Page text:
The CDC released data on drug overdose deaths Wednesday, and the organization found that the total for 2020 soared 30% to a record 93,331 in the virus pandemic year of 2020 than the prior year.
About 93,331 Americans died from drug overdoses last year, per the CDC data. That's compared with 72,000 from 2019, the previous record high, the CDC reports.
"That is a stunning number even for those of us who have tracked this issue," Brendan Saloner, associate professor of health policy and management at the Johns Hopkins Bloomberg School of Public Health, told The Wall Street Journal. "Our public health tools have not kept pace with the urgency of the crisis."
Soaring overdose and COVID deaths helped drag down the average US life expectancy to 77.8 years in 2020, down from 78.8 years in 2019 to levels not seen since 2006.
Even before the pandemic, the country struggled with its worst drug crisis ever as Mexican cartels continued to push synthetic opioids, such as fentanyl, over the southern borders and into American metro areas.
Compound the opioid crisis with lockdowns and other pandemic restrictions, and drug addictions spiraled out of control as millions of people were left in despair.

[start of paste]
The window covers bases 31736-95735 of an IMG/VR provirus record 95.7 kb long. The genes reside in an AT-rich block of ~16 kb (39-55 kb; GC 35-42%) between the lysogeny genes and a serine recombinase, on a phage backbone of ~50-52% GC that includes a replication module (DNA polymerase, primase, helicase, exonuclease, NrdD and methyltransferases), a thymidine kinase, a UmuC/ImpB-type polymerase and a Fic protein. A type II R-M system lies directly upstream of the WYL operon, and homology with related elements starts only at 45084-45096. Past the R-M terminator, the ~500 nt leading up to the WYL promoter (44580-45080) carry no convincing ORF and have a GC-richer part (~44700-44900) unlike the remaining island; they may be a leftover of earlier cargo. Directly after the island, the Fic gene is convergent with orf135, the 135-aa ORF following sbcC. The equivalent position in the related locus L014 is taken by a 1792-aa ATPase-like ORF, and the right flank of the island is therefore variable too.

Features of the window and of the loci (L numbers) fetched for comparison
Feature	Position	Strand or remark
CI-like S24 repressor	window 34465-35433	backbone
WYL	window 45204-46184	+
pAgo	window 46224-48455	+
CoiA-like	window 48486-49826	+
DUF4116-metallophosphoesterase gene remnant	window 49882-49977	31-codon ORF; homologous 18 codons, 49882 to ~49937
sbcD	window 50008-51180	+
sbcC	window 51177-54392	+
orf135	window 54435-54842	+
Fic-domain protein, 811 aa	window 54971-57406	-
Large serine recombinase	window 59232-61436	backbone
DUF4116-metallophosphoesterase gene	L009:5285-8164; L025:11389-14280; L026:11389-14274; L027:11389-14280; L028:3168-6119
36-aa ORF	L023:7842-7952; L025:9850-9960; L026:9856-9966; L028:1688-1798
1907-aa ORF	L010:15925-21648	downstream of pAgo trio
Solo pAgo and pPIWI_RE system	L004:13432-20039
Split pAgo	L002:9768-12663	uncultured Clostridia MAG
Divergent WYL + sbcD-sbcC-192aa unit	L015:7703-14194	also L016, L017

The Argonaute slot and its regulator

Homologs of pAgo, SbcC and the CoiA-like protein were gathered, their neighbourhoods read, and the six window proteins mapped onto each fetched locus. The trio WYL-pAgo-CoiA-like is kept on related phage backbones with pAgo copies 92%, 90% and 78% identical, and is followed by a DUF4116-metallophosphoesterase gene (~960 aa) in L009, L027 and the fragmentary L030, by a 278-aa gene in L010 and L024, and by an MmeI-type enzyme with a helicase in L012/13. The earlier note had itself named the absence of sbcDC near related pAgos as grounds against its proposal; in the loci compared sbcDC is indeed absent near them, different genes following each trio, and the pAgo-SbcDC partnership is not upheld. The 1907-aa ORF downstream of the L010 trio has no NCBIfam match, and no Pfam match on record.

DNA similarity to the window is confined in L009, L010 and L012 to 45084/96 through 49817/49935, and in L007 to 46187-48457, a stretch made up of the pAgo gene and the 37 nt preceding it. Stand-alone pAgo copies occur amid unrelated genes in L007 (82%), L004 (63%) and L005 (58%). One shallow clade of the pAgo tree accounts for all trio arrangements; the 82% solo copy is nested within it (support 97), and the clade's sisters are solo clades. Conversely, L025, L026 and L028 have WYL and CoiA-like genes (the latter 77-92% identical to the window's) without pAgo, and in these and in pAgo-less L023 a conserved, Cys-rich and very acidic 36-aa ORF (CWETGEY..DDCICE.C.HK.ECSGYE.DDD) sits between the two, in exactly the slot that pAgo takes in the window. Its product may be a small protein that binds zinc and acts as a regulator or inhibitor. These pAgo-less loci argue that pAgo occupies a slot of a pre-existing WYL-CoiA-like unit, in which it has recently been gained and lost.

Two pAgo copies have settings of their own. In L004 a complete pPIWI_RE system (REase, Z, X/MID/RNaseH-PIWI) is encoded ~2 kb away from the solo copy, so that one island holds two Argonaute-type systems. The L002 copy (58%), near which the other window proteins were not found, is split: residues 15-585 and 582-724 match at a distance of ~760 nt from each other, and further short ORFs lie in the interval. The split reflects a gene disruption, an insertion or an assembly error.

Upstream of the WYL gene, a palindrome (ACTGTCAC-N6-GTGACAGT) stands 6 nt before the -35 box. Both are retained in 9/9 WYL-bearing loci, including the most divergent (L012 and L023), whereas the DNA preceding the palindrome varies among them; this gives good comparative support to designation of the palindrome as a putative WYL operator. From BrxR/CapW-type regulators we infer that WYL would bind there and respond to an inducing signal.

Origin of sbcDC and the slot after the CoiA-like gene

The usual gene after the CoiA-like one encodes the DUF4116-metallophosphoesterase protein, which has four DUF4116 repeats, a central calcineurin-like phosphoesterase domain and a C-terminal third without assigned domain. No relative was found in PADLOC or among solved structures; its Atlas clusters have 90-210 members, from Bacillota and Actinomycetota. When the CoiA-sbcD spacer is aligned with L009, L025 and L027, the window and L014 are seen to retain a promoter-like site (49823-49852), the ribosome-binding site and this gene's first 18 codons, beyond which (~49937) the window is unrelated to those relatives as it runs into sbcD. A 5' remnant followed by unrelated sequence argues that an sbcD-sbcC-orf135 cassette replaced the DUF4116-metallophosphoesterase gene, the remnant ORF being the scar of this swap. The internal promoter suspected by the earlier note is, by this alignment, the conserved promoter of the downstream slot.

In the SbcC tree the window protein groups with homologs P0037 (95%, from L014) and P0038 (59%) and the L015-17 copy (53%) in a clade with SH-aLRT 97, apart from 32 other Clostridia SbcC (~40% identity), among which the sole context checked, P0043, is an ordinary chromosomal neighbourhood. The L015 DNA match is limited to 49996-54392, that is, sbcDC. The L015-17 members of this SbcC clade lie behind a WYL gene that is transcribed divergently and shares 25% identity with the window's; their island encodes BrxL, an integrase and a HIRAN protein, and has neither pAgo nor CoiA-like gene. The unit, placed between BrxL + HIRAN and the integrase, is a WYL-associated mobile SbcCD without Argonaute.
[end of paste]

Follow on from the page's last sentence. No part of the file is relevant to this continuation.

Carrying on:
The main driver of overdoses was synthetic opioids, primarily fentanyl. Robert Anderson, chief of the mortality statistics branch at the CDC's National Center for Health Statistics, said 57,550 people died of overdoses from synthetics, a jump of more than 54% over 2019.
"Definitely, fentanyl is the driving factor," Anderson said. Overdose deaths from opioids overall rose almost 37%, according to the CDC data.
Here's how the number of drug deaths changed across the country. Every state except for South Dakota and New Hamshire saw drug deaths surge.
CDC data showed 2020 drug overdose deaths translated to an average of 250 deaths each day, or approximately 11 every hour.
Deaths from drug overdoses and COVID has formed a twin public health crisis.